Book 92 of my 2016 Reading Challenge
read from November 30 - December 19
Never Look an American in the Eye: A Memoir of Flying Turtles, Colonial Ghosts, and the Making of a Nigerian American by Okey Ndibe
Summary (via the book jacket)
Okey Ndibe's funny, charming, and penetrating memoir tells of his move from Nigeria to America, where he came to edit the influential - but forever teetering on the verge of insolvency - African Commentary magazine. It recounts stories of Ndibe's relationships with China Achebe, Wole Soyinka, and other literary figures; examines the differences between Nigerian and American etiquette and politics; recalls an incident of racial profiling just 13 days after he arrived in the US, in which he was mistaken for a bank robber; considers American stereotypes at Africa (and vice-versa); and juxtaposes African folk tales with Wall Street trickery. All these stories and more come together in a generous, encompassing book about the making of a writer and a new American.
I wasn't sure how to rate this one because I really liked the book but after hearing him speak at the Iowa City Book Festival, where he read a few of these chapters aloud and signed my book, just reading the rest didn't feel like enough. This would be great to listen to as an audiobook.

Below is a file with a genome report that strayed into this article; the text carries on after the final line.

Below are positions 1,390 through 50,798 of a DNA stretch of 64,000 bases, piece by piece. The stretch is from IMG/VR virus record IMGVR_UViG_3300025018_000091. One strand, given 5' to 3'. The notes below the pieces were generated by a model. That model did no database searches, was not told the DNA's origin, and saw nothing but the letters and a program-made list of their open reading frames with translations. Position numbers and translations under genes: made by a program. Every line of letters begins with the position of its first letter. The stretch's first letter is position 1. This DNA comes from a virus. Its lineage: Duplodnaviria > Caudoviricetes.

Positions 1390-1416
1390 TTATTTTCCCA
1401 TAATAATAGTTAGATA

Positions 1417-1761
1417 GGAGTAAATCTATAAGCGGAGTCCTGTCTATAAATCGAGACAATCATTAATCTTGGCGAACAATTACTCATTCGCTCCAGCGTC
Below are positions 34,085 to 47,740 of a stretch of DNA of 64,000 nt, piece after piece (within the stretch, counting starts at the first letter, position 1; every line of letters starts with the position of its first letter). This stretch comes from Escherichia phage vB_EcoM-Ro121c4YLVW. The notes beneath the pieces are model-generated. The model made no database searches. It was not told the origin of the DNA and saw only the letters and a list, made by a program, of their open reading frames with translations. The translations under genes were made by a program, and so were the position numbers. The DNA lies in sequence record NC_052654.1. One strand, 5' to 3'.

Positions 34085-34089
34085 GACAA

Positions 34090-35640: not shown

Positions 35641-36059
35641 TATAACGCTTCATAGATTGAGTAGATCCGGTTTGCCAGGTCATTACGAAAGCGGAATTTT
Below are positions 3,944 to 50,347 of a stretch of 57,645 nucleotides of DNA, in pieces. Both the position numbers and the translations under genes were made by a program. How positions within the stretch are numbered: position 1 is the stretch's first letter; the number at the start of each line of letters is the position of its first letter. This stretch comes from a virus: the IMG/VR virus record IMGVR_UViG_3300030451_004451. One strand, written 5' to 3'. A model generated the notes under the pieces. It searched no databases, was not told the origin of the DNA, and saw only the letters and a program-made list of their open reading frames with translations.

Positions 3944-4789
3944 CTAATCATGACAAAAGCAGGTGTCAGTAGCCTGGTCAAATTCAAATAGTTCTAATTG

It was interesting because he made a note in the book that as time has passed since he was stopped by the police because they were looking for a bank robber and he fit the description (basically, a black man), the tone in how he has told the story changed from dread to humor. He told that story in the reading I attended and it's true that he made it light and humorous, as he did other events that must have been very difficult at the time.
Keeping it light doesn't mean he glosses over the struggles. It's the talent of a true writer to make you think without beating you over the head with the lessons he/she wants you learn, and Okey is a phenomenal writer.
A Few Quotes from the Book
"The books and journalism I consumed fueled my desire to write. I needed writing badly, needed it to save me from a career in the corporate world that my studies would sentence me to. Bohemian at heart and by habit, I dreaded the prospect of a regular eight-to-five job."
"I sought to draw attention both to the rampancy of power abuse and to the repercussions of silence. Those who shut their eyes in order to see no evil, to denounce none, those who plug their ears and gag their mouths, should be under no illusion. They may delude themselves, but they cannot enter a plea of innocence in history's great carnages, its galleries of gore and horrors."